Past Modal Verbs in English–Things in the Past That Could Have Been
Past modal verbs talk about things that could have happened in the past. We know that modals are verbs that express ability, probability, advice, obligation, deduction, expectation, and preference. In this posting I talk about how to discuss these things in the past. There will be many example sentences. The download at the end will give you additional practice understanding and using past modal verbs.
Let us now examine how past modal verbs are used.
Past modal verbs in the simple past
We can use past modal verbs in the simple past for modals of ability and obligation. Use the following formula: subject + simple past tense of modal + base form of the verb
- can–could–Last year I could run a mile in 5 minutes. I broke my leg three weeks ago, so now I can’t run at all.
- must, have to–When I was young I had to wake up at 5:00 am to get to school on time.
Past modal verbs of possibility and advice
Past modal verbs of possibility and advice are sometimes called modals of lost opportunities. They express regret that things did not go the way you had hoped. They are often expressed with the conditional word if. These modals include the following verbs: could have, should have, and would have. Note, Americans often pronounce these verbs as could of or coulda, would of or woulda, and should of or shoulda. Use the following formula: subject + modal + past participle
- If I had known that he was going to move, I could have helped him. I had the ability to help him in the past. I didn’t help him, however, because I didn’t know he was going to move. Now I feel badly about it.
- We could have come to the wedding, if only they had invited us. We were able to come to the wedding. It was certainly possible for us to do so. but they didn’t invite us, and we are unhappy about that.
- She would have been there if she had known how serious his illness was. It was possible for her to have been there. She wasn’t there, however, because she didn’t know how ill he was. Now she wishes she knew.
- If I weren’t so tired, I would have gone to the party. It was possible to go to the party, but I chose to stay home because I was tired. Now I think I made the wrong decision.
- I should have known better than to trust him. I made a mistake in trusting him. I knew he was not honest, and I did not listen to my self.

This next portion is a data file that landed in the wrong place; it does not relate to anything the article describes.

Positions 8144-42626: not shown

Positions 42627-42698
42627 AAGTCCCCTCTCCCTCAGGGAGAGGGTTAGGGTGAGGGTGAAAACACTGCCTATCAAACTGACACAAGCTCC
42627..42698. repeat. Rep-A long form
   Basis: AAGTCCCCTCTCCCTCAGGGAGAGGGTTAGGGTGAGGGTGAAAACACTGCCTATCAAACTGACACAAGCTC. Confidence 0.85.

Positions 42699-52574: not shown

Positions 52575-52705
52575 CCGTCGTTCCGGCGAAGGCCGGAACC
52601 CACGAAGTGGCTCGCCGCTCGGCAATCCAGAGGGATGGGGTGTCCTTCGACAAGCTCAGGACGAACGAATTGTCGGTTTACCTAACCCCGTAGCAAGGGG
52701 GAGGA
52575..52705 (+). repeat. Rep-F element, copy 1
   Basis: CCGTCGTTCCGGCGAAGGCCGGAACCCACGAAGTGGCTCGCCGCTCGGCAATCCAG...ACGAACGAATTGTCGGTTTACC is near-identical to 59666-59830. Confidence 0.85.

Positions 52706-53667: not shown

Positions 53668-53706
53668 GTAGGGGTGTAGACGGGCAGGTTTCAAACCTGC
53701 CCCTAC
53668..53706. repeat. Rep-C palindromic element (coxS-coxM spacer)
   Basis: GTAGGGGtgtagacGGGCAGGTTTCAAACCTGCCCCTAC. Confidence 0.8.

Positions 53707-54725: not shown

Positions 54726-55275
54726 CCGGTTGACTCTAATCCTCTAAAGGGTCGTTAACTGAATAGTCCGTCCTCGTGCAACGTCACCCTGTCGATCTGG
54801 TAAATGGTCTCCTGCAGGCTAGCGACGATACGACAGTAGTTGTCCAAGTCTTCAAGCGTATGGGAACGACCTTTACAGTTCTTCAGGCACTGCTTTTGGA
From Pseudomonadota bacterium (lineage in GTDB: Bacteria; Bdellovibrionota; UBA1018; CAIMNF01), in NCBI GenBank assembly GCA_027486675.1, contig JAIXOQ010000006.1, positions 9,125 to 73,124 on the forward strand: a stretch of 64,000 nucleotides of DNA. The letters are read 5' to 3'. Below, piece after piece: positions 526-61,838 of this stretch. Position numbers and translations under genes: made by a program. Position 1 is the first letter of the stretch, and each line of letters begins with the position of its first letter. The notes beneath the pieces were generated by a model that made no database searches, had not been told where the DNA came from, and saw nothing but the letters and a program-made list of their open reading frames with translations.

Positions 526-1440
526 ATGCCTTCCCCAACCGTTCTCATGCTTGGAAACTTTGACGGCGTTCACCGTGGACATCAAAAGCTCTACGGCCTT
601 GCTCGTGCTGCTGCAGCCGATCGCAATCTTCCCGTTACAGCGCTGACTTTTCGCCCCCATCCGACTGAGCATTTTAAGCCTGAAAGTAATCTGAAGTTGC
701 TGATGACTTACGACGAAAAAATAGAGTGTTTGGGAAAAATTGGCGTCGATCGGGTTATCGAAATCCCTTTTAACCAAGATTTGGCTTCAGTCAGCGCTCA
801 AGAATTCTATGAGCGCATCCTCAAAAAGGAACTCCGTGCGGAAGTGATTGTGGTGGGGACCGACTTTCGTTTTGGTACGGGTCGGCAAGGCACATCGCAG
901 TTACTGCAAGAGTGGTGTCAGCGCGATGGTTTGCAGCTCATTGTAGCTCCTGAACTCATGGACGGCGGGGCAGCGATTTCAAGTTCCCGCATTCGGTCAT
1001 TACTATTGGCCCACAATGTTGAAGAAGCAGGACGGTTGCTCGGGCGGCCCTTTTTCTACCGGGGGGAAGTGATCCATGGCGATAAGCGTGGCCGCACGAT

- You should have prepared for your job interview. Then, maybe you would have gotten the job. This is advice in the past. You did not prepare for you interview, even though you should have. Because of that, you did not get the job.
- I’m sorry. I should have told you I couldn’t come to dinner tonight. We often use should have with an apology. It is is if we are giving ourselves advice in the past.
Other past modal verbs of possibility
When we talk about what was possible in the past, we can use the past modal verbs might have and may have. Here is the formula to use: subject + modal + past participle.
- Pedro might have gone to the game. He wasn’t at home last night. We are not sure where Pedro was last night, but it is possible that he was at the game.
- He may have left without us since we forgot to tell him to wait for us. He didn’t wait for us. We don’t know why for sure, but quite possibly because we forgot to tell him to wait for us.
- When I think of all the things I might have done if I had graduated from college, I feel sad. It was possible for me to graduate from college, but I didn’t do it. Now I regret my poor choices.
Past modal verbs of deduction, expectation, and preference
The past modal verbs of deduction, expectation, and preference work in a similar way to other past modal verbs. These are the verbs we use: must have, had to have, should have, was supposed to have been, would have preferred, and would rather have. Use the following formula: subject + modal + past participle.
- He must have known that Bob was going to quit his job. They’re best friends. This is a deduction in the past.
- She had to have paid her taxes. They were due last week. Again, this is a deduction in the past.
- They should have arrived in Paris by now. Their plane took off yesterday. This could be both a deduction and an expectation in the past.
- This was supposed to have been finished by now. Everyone is waiting for it. This is an expectation in the past.
- I would have preferred that you told me yesterday that you couldn’t work tonight. Note that the structure is different here. After the modal, we use that + subject + simple past.
- I would rather have ordered the shrimp, but it wasn’t on the menu. This is preference in the past.
You now know that we can use many modal verbs in the past tense. We can express the verbs can, must, and have to in the simple past using could and had to. Other past modal verbs require a different structure: subject + modal with have + past participle. These past modal verbs often express regret for lost opportunities in the past. This means that something could have happened in the past, but didn’t. The download will give you addition practice using past modal verbs.
Idioms of the day
- to bend over backwards–This means to be very kind, patient, and forgiving, and to be willing to do anything to help someone. My sister is very kind. She will give up her own time and money to help me. In fact, she would bend over backwards for me.
- believe it or not–This means that something is true, even if it is very hard to believe. Believe it or not, my brother is moving to Texas! He said he would never move there, but he got such a good job offer, that he couldn’t say no.